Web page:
1. Take a look at the "periodic table of character strengths" at the bottom of this page. What are three character strengths that you have?
2. How can you use these strengths to make the world a better place?
3. Look back at the table of character strengths. What are three character strengths you'd like to develop?
4. What are some things you can do to develop those three character strengths?
5. The Science of Character describes character strengths as being like superpowers. Pick your favorite superhero. Why is that hero your favorite? What character strengths do they have?
6. If you were a superhero, what would your super-character strengths be?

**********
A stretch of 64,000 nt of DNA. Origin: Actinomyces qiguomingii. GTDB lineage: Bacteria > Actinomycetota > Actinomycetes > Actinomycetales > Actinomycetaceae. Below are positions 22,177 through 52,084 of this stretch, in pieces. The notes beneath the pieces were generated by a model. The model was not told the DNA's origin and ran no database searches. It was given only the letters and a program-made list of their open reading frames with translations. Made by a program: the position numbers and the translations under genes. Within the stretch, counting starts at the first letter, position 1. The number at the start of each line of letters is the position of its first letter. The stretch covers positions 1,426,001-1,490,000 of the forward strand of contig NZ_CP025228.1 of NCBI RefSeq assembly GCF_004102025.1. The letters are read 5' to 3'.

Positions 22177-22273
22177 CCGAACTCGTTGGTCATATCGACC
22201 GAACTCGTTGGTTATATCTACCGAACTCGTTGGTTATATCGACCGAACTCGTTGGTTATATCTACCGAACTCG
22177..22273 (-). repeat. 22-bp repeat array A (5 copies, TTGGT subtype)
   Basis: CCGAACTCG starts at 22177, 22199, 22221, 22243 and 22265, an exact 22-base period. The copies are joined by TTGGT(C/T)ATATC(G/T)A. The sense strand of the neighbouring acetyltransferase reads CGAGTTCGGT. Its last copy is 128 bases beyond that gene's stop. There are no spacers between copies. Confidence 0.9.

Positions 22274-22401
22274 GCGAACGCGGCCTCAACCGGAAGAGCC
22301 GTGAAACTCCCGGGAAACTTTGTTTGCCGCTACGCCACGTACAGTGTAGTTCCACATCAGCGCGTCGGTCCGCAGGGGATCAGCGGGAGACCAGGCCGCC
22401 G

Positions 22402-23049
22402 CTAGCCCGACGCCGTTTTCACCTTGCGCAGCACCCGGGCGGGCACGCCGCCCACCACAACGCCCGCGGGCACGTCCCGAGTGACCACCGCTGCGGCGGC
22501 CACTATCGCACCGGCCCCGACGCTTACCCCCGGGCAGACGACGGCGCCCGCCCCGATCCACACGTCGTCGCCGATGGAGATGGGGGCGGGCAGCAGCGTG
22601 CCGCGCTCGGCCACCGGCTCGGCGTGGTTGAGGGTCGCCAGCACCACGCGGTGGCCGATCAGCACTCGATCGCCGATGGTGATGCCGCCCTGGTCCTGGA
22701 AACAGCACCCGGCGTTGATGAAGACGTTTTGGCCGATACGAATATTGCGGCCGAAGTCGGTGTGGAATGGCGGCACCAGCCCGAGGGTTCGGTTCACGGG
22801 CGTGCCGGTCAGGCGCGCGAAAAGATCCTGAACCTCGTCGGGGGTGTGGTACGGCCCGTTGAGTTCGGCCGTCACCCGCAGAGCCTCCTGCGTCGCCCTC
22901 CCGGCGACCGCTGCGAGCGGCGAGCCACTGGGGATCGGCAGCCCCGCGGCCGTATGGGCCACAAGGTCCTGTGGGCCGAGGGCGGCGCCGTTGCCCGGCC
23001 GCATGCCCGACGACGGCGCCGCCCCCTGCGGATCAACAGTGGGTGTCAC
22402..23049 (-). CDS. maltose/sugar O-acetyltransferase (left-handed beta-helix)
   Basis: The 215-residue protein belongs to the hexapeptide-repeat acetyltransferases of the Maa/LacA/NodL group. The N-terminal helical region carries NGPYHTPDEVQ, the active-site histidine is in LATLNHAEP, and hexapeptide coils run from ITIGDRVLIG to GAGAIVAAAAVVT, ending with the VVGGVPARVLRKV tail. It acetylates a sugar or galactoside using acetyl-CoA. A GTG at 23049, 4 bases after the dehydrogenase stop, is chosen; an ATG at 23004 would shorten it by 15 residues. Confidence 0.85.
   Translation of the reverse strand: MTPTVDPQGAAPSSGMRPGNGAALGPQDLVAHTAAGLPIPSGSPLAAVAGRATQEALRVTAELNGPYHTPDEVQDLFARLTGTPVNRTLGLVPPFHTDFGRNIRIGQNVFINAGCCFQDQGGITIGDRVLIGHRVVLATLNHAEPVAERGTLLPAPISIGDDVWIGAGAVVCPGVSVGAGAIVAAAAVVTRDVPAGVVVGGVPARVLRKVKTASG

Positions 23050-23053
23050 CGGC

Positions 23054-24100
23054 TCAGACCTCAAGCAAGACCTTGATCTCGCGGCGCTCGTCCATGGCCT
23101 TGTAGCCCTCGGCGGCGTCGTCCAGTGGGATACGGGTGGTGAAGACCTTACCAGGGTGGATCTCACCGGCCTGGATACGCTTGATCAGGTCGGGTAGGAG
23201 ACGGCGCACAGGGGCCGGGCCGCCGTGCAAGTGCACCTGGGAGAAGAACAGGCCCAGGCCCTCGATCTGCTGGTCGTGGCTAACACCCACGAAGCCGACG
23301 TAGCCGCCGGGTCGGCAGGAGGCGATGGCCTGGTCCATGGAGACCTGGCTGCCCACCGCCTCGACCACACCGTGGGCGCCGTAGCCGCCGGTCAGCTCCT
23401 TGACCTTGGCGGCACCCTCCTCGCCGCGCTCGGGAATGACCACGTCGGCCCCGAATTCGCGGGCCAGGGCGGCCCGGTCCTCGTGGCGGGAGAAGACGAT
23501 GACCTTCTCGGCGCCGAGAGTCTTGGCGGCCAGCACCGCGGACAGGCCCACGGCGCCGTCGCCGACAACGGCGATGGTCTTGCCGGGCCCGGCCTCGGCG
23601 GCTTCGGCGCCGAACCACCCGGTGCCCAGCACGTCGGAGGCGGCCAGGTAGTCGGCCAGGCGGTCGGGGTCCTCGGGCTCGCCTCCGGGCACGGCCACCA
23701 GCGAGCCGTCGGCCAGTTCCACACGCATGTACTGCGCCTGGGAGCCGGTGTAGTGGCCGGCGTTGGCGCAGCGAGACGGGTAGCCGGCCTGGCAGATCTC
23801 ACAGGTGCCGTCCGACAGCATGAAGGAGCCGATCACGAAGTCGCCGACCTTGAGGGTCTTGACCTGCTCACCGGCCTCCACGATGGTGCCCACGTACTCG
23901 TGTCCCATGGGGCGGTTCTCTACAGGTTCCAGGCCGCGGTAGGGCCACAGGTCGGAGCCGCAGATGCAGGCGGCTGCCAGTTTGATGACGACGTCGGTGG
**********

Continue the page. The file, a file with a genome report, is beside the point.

7. Now think about real people. Who do you admire most in the world? And what are the character strengths you admire in them?
8. Character strengths are like muscles—they get bigger the more you use them. What character muscle do you want to grow? How do you think you might do that?
9. Nobody’s perfect. Sometimes it’s good to mess up, because that’s how we learn and improve. Think about a time you really messed up. What did you learn?
10. The film ends by asking you to compete this sentence: I want to be _____________________. Which strengths do you want to be?
Think about your favorite character from a book or movie. Are they a hero? Do they display hero character traits? What makes a hero?
Humans are made of 55-70% water.
The class is filled with enriching experiences which help foster creativity, learning, problem solving, and character education
"I want to teach the students a set of values and skills they can internalize and use not for the test at the end of year, but for the rest of their lives.
The real test isn't where the kids are after me.
The real test is where are these kids 20 years from now.
And what have I given them they can use forever."